As we cleared Cabo San Lazaro, we observed a 60 foot ketch which had wandered too close to the Cape and foundered on the rocks that lie off the tip of the land there. We were about 2 miles off, and knew it had already been reported to the Mexican Navy, so we continued northward while monitoring the radio in case we could be of help. When we first saw the vessel it was standing upright with the mainsail hoisted, but as we watched, it began to heel over until the masts were nearly touching the water. Surrounded by large breaking surf, it would take little time for the vessel to break up. We later found that the name of the vessel was the Nordic Light, with three people aboard. The Mexican Navy rescued them but the boat was a total loss. Cabo San Lazaro has claimed many vessels over the years. It's not a place to trifle with.
With that rather grim sendoff from the Cape, the Honcho continued north and arrived in Turtle Bay at 0730 on June 13th. We anchored in the bay and quickly got Enrique "El Gordo" on the radio and ordered some diesel which he delivered in his panga at about 1000. By 1100 we had the anchor up and were once again headed north, with our next destination of San Carlos about 130 miles distant. Our course would take us northwest through the Dewey Channel and past Punta Eugenio. From there we skirted along the east side of Isla Cedros for a few miles. As we approached the northern end of Cedros, the wind piped up to about 28 knots and we opted to bear off a few degrees and make for Bahia Blanca, which is well inside the mighty Bahia Sebastian Vizcaino, where we expected easier sailing conditions. After a long, cold night of sailing we arrived at fog shrouded Bahia Blanca and waited for dawn before groping our way into the bay. There we anchored and spent the following day in comfort while the wind offshore continued to howl.
The following morning we were up early, headed for San Carlos. For most of the 55 mile passage we motorsailed directly into a light wind, but about 20 miles short of San Carlos, the wind picked up and before long we were punching into a 30 knot headwind. About three miles from the anchorage the engine died and we sailed into the anchorage under a double reefed main.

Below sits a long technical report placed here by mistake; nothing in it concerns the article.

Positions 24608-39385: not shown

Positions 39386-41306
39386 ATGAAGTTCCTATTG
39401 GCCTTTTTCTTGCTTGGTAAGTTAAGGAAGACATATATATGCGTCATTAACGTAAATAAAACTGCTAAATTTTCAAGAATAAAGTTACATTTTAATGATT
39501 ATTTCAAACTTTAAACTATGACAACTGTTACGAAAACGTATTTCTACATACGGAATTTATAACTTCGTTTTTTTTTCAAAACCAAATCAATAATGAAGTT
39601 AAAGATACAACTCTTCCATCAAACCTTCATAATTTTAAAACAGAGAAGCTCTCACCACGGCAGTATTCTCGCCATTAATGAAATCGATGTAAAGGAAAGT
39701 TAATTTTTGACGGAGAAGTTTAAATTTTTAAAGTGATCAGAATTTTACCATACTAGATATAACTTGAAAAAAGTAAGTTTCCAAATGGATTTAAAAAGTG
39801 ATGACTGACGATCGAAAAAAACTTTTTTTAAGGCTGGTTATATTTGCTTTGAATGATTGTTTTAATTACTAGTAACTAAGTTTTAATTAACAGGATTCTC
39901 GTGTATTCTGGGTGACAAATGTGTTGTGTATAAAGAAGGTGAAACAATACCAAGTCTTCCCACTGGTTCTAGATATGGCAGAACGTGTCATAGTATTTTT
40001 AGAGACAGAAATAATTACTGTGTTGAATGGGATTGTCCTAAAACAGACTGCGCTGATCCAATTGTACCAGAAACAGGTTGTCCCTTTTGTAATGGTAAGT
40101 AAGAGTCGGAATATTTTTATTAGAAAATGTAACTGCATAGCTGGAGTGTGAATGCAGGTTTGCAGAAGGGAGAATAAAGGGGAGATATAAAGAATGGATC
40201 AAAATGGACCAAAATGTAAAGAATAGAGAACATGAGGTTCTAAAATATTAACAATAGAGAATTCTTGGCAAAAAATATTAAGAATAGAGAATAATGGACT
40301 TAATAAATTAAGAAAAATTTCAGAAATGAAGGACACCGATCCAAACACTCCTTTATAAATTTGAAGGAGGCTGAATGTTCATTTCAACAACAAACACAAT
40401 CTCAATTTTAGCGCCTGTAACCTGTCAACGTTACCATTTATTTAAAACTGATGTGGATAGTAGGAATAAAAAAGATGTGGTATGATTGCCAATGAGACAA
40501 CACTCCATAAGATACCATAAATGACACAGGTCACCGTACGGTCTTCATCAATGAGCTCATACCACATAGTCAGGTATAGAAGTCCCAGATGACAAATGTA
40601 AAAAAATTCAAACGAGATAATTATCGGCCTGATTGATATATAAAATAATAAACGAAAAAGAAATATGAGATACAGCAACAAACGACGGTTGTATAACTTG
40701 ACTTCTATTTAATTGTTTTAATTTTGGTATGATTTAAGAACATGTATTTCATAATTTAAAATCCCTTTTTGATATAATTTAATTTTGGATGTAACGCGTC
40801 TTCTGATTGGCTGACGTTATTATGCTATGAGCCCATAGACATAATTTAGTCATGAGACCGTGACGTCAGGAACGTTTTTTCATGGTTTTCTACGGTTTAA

Once we were anchored I refilled the fuel tank from Jerry jugs we carry on deck. The 24 gallon tank took only 19 gallons so I knew we hadn't run out of fuel. I've gotten dirty fuel in Turtle Bay before so I checked the primary and secondary fuel filters, but they were all clean. Then I began to suspect that with all the bouncing around we did in those last few miles, maybe the pickup in the fuel tank sucked up some air. I bought a service manual for the Yanmar engine before we left California, so I got it out and reviewed the procedure for bleeding the fuel system. I carefully followed the procedure as outlined, but couldn't get the engine to start. By this time it was nearly midnight so I decided to sleep on it, maybe a solution would come to me in the morning.
The next morning I woke up early and tried bleeding the system again but had no luck. So we decided that since we had a prediction of good sailing conditions for the next couple of days, we'd pack up the tools, hoist the mainsail and sail off the anchor, bound for Ensenada where I could take a more thorough look at the engine.
From San Carlos, Ensenada is about 165 miles distant. It turned out to be a delightful sail, with winds in the 15 knot range and relatively calm seas. We sailed west past the notorious Sacramento Reef, which has also claimed a large number of ships and boats, and out about 60 miles from the coast. Tacking north from there we fetched the land just north of Cabo Colnett. Tacking offshore again, we went about 25 miles out before tacking north again. From there we could just lay the channel between Isla Todos Santos and Punta Banda, arriving at the Cruiseport Marina at 1500 on June 18th.
We had not set foot off the boat since leaving Los Cabos on June 2nd, so the first order of business was a hot shower and a steak dinner ashore, one of the finest meals we've eaten in a long time. Arriving back at the boat in the early evening, I took a more serious look at the engine, did some reading online about the fuel system and discovered a secondary bleed screw on the high pressure fuel injection pump. Within ten minutes I had the system bled and the engine running. I was very glad to get it running again without having to pay a mechanic, but I was more that a little chapped that the service manual makes no mention of this vital step in fuel bleeding procedure.